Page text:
Tripura is one such state from the Seven Sisters which proudly exhibits its Bengali background. Renowned music composer S. D. Burman was from the Tripura’s ruling household. Agartala is the capital of Tripura and is considered as the 2nd largest city after Gohti. The star attraction of Agartala is the Ujayanta Palace. Located on the banks of a small lake, this palatial area is spread across 800 acres. Gurudev Rabindranath Tagore had named this place himself. It is 2 storeys high and was a place where Tripura’s Vidhan Sabha was conducted post India’s independence. Today it is open to the general public as a museum.
Next amongst the Seven Sisters is Manipur. From the Mahabharata it is known that Arjun’s wife was Ulupi and she was originally from Manipur. The language spoken in Manipur is a like a combination of Tibetan and Burmese languages. It is known as Miteyilon. This language is written is different formats or styles. The Manipuri dance form is one of India’s prime dance forms which is said to have been inspired by Lord Shrikrishna’s raasleela. Today Manipur is world famous owing to the laurels of the woman boxing champion-Mary Kom. Imphal is Manipur’s capital which consists of an important attraction known as Shri. Govindji Mandir. This ancient temple possesses idols of Balram, Subhadra and Jagannath which are worshipped. Close to Imphal is the Loktak reservoir, which is considered as a mini sea itself. This is, in fact, the largest fresh water reservoir in the North East. From amongst the seven sisters Arunachal Pradesh, as the name suggests, is truly the land of the rising sun. As per the Kalika Puran, it is in this region where the Prabhu Mountain was located, a place where Parshuram and Ved Vyas had done rigorous penance. The British referred to this place as Nefa-North East Frontier Agency. Lal Bahadur Shastri gave Arunachal Pradesh its name. This state is mountainous owing to the expanse of the Himalayas from the North to the South. Tawang is a village in Arunachal Pradesh which is at a height of approximately 10,000 feet. The prime attraction in Tawang is its monastery. It was built in the year 1681 and the 6th Dalai Lama was born here. This monastery is considered as the biggest monastery outside Lhasa. Encompassed by a wall measuring 690 mt in height this monastery has more than 55 buildings.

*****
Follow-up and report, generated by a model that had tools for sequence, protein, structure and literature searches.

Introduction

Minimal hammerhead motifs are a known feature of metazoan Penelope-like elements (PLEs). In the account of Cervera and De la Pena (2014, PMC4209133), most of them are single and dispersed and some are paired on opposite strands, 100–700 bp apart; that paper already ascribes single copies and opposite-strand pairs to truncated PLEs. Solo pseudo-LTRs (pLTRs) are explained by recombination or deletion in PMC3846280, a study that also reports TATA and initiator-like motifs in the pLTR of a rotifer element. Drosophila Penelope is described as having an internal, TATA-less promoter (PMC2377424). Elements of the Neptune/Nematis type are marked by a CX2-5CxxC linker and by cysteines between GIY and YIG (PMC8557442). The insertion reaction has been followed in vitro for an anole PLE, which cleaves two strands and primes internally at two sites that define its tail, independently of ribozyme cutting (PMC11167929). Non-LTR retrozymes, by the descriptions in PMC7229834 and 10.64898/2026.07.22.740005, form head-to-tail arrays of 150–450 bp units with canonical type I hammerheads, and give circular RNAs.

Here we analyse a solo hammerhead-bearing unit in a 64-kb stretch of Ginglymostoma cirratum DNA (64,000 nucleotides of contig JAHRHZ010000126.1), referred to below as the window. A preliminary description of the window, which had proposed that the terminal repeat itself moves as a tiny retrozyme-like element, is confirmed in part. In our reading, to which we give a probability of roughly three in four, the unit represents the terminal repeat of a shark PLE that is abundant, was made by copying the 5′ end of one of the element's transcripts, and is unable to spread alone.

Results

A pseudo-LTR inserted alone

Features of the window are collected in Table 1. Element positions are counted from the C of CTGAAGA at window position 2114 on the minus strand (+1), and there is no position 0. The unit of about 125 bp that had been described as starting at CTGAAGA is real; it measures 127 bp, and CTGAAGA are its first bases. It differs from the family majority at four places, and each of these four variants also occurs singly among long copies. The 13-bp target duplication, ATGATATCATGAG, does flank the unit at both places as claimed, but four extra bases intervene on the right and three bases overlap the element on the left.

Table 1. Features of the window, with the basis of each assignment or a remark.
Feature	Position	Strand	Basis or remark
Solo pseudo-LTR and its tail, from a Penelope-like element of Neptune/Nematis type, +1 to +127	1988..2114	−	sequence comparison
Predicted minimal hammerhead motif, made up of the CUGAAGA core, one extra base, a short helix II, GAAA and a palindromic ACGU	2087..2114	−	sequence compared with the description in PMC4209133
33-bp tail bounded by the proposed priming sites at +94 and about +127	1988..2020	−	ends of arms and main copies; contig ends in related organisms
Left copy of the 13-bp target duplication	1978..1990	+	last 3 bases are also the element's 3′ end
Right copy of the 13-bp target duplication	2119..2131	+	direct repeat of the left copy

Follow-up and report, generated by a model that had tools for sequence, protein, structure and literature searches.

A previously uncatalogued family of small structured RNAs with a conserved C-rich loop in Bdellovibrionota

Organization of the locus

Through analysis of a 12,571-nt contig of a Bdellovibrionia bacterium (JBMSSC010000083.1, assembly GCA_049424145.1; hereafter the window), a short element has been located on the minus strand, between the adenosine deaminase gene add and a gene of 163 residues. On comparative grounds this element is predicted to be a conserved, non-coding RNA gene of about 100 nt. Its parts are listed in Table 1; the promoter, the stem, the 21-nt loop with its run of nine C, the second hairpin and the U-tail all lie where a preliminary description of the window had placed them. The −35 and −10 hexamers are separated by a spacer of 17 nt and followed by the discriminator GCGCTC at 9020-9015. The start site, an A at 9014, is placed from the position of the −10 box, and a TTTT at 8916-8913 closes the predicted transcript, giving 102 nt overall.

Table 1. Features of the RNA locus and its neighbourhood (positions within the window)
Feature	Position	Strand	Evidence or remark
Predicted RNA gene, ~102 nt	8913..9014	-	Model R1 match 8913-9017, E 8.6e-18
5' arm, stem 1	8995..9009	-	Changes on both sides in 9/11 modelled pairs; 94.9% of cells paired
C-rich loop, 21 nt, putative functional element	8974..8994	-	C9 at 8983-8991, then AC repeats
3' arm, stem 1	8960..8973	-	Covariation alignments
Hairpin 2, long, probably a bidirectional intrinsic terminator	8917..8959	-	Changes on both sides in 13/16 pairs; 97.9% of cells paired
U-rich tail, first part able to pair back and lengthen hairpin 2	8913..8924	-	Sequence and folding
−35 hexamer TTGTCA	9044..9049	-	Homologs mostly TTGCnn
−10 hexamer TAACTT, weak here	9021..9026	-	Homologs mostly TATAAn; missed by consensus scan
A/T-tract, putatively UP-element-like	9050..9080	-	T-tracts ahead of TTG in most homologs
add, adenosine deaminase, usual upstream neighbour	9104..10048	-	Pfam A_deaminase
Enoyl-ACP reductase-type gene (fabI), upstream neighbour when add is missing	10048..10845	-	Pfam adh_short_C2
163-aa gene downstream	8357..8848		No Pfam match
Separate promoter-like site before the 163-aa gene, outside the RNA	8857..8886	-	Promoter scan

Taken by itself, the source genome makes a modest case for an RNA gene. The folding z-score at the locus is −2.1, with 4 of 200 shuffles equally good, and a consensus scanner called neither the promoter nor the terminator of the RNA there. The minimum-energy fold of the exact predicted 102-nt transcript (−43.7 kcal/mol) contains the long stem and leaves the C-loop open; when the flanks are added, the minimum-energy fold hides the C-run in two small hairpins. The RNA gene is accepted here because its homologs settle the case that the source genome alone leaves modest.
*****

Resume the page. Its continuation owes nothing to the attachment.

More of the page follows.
These seven sisters possess so many secrets and so many attractions! Owing to the space constraints I tried my best to make it as concise as possible but I must admit that i am truly exhausted writing about these seven sisters. So last but not the least, if you wish to experience this unique region of surprises and rich diversity then tag along with us since we at Veena World have chalked out a great tour for all of you.